PSC candidates pound pavement for votes
Political party: Republican
Date of birth: Dec. 28, 1975 (32)
Hometown: Born in Enterprise; now lives in Chelsea.
Education: Attended Enterprise State Junior College.
Professional background: Worked for Home School Legal Defense Association, Gun Owners of America, Conservative Caucus and other groups; worked in several political campaigns, including Tom Parker’s successful race for the Alabama Supreme Court in 2004; now works in communications and marketing.
Political background: Making first run for public office.
Political party: Republican
Date of birth: March 10, 1966 (42).
Hometown: Grew up and lives in Montgomery.
Education: Bachelor’s degree from Auburn University in 1989.
Political background: Worked for the Republican National Committee in Washington, served as finance director and executive director of the Alabama Republican Party and as state director of Citizens for a Sound Economy before running for state treasurer in 2002; worked on Gov. Bob Riley’s staff before being elected the first female chairman of the Alabama Republican Party in January 2005; stepped down in February 2007 to return to Riley’s staff as senior adviser.
MONTGOMERY – The two remaining Republican runoff candidates for president of the Alabama Public Service Commission are hitting the road ahead of next week’s primary, seeking to drum up votes as they explain the PSC’s role to many of the state’s residents.
Former state Republican Party chief Twinkle Andress Cavanaugh and Matt Chancey, a relative political newcomer, are vying to replace longtime commission President Jim Sullivan, a Republican who has decided not to seek re-election.
The winner of Tuesday’s runoff will face former Lt. Gov. Lucy Baxley, who ran unsuccessfully against Gov. Bob Riley in 2006 and was unopposed for the Democratic nomination. Already serving four-year terms on the three-member commission, which regulates Alabama utility companies, are Democrats Jan Cook and Susan Parker.
Auburn University Montgomery political scientist D’Linell Finley said it’s not surprising that the two remaining Republican contenders are having to spend so much time explaining the PSC’s role to the public as they campaign.
“The Public Service Commission is one of those down-ballot elections – it’s not governor, it’s not attorney general, it’s not lieutenant governor. You really have to be civic-minded to know about what it does,” he said.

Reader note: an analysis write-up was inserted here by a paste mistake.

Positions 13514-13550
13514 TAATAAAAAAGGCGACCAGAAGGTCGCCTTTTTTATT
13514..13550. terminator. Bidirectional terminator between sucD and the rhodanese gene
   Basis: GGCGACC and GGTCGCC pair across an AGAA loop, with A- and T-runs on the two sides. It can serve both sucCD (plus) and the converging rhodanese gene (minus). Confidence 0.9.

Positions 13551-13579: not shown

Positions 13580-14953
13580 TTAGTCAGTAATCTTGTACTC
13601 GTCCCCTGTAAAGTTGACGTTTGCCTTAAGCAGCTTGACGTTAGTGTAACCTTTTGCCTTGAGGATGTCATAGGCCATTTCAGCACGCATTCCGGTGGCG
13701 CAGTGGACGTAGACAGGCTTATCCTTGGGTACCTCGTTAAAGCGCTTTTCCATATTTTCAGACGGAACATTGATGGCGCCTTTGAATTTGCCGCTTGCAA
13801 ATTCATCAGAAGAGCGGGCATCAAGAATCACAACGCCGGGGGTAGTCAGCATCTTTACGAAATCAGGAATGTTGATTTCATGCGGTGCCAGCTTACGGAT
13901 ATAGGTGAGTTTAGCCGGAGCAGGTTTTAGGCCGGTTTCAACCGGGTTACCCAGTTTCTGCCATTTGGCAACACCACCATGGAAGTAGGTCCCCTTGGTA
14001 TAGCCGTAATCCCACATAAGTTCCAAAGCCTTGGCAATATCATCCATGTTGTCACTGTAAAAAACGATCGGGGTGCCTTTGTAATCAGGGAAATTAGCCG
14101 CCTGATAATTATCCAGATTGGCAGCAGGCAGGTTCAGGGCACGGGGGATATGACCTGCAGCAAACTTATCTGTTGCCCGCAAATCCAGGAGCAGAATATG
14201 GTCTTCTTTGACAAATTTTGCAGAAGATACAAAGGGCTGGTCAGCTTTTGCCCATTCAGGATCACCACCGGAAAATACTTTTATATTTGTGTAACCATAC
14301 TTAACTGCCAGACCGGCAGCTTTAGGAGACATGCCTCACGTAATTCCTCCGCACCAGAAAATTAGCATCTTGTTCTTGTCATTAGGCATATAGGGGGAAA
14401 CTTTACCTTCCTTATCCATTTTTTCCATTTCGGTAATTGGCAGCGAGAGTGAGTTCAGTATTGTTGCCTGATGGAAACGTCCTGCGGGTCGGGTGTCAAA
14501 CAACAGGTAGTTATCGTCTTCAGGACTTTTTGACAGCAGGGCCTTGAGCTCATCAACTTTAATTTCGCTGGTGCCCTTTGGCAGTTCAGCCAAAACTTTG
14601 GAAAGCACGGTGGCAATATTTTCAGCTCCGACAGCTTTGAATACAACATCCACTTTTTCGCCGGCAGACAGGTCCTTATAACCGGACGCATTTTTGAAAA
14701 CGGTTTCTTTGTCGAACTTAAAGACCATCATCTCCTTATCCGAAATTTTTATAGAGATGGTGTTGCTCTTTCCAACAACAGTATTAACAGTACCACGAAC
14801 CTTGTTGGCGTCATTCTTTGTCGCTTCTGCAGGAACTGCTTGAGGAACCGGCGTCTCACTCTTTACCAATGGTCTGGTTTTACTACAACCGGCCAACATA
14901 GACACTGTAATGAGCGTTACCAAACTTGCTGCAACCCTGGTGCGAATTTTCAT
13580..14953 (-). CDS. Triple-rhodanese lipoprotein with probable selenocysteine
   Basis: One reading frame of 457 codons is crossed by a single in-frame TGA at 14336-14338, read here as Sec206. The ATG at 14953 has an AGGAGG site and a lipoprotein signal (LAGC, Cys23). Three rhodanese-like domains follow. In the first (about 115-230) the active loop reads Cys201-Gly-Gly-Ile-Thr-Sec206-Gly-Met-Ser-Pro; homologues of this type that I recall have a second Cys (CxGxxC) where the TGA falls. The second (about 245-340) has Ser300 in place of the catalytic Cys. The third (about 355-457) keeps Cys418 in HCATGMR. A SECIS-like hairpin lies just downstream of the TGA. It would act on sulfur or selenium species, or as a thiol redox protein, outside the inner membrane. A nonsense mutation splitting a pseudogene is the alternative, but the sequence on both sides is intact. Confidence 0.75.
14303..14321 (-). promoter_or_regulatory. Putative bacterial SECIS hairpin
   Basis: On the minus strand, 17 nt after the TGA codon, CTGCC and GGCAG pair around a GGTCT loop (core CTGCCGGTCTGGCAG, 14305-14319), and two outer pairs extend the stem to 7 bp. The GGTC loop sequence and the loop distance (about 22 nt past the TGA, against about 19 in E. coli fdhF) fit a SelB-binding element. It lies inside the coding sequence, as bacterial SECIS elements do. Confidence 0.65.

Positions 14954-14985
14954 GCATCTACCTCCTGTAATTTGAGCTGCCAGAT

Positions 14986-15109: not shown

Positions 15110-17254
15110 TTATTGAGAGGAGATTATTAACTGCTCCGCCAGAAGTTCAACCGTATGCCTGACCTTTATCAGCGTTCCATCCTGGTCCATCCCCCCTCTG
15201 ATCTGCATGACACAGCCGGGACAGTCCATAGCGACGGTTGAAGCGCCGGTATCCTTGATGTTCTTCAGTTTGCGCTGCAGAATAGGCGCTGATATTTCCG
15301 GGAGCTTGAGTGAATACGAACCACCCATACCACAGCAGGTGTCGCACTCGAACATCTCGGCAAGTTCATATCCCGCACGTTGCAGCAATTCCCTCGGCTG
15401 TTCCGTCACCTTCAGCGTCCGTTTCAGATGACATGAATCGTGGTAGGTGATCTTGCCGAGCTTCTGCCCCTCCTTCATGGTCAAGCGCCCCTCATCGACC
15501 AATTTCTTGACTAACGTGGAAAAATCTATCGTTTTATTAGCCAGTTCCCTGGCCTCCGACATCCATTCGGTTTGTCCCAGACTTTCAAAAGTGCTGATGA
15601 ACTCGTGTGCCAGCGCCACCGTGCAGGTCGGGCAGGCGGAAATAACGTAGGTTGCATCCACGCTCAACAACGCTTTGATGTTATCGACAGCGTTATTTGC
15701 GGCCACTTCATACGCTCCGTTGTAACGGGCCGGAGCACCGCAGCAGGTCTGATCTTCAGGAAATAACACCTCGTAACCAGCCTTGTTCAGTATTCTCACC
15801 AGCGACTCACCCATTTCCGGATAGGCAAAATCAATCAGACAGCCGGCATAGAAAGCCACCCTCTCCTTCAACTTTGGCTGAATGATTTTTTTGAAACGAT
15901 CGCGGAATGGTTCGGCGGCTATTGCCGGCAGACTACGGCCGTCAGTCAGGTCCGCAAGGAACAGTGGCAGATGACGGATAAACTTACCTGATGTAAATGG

But people might do well to pay attention to elections for commissioners, he said, because the commissioners “have a great deal of power over matters that directly affect the lives of ordinary folks.”
The PSC president presides over the commission, which regulates Alabama Power Co., Alabama Gas Corp. and other utilities that send monthly bills to residential and business customers.
“Most people don’t know what the PSC does; some don’t even know it exists,” said Chancey, a 32-year-old marketing professional, speaking by cell phone during a campaign trip in northern Alabama. “When you tell them what it does, they’re very interested.”
He said he would raise the commission’s profile by encouraging the commissioners to spend more time talking to people, hearing their grievances. He also supports holding town hall meetings throughout the state and possibly even commission meetings in different locations in the state.
Cavanaugh, 42, said people should be more aware of the commission because it is there to serve the consumer.
“It’s the one thing that affects people’s pocketbooks the most,” said Cavanaugh, also speaking by cell phone on her way back from a trip to the northern part of the state. “I’ve tried to educate people on how important the Public Service Commission is and how it does affect them.”
Cavanaugh came close to avoiding a runoff in the three-candidate primary last month, garnering about 47 percent of the vote – just shy of the simple majority need to win outright. Chancey took almost 29 percent, and former PSC staffer Jack Hornady fell out of the race after picking up just 24 percent of the ballot.
Sullivan has backed Cavanaugh in the race while Hornady hasn’t endorsed either rival.
Finley said Cavanaugh, as a former chairman of the state Republican party and a former member of Riley’s cabinet, has greater name recognition and is heavily favored. But Finley said it was surprising that, given her background and party prominence, she was forced into a runoff with a relative unknown.
He said he expects light voter turnout given the absence of high-profile races.
Chancey said he has driven several thousand miles since the June 3 primary, traveling the state to talk to people, get his name out before the voters and give interviews with small weekly newspapers. With less campaign funding than Cavanaugh, he hasn’t been able to pay for as much television and radio ad space.
He said he expects Cavanaugh to saturate both media with ads and said he is fighting for votes “on the street rather than the airwaves.”
Cavanaugh said she has also been traveling the state, visiting veterans’ halls, Republican meetings and civic organizations and encouraging people to come out and vote for her.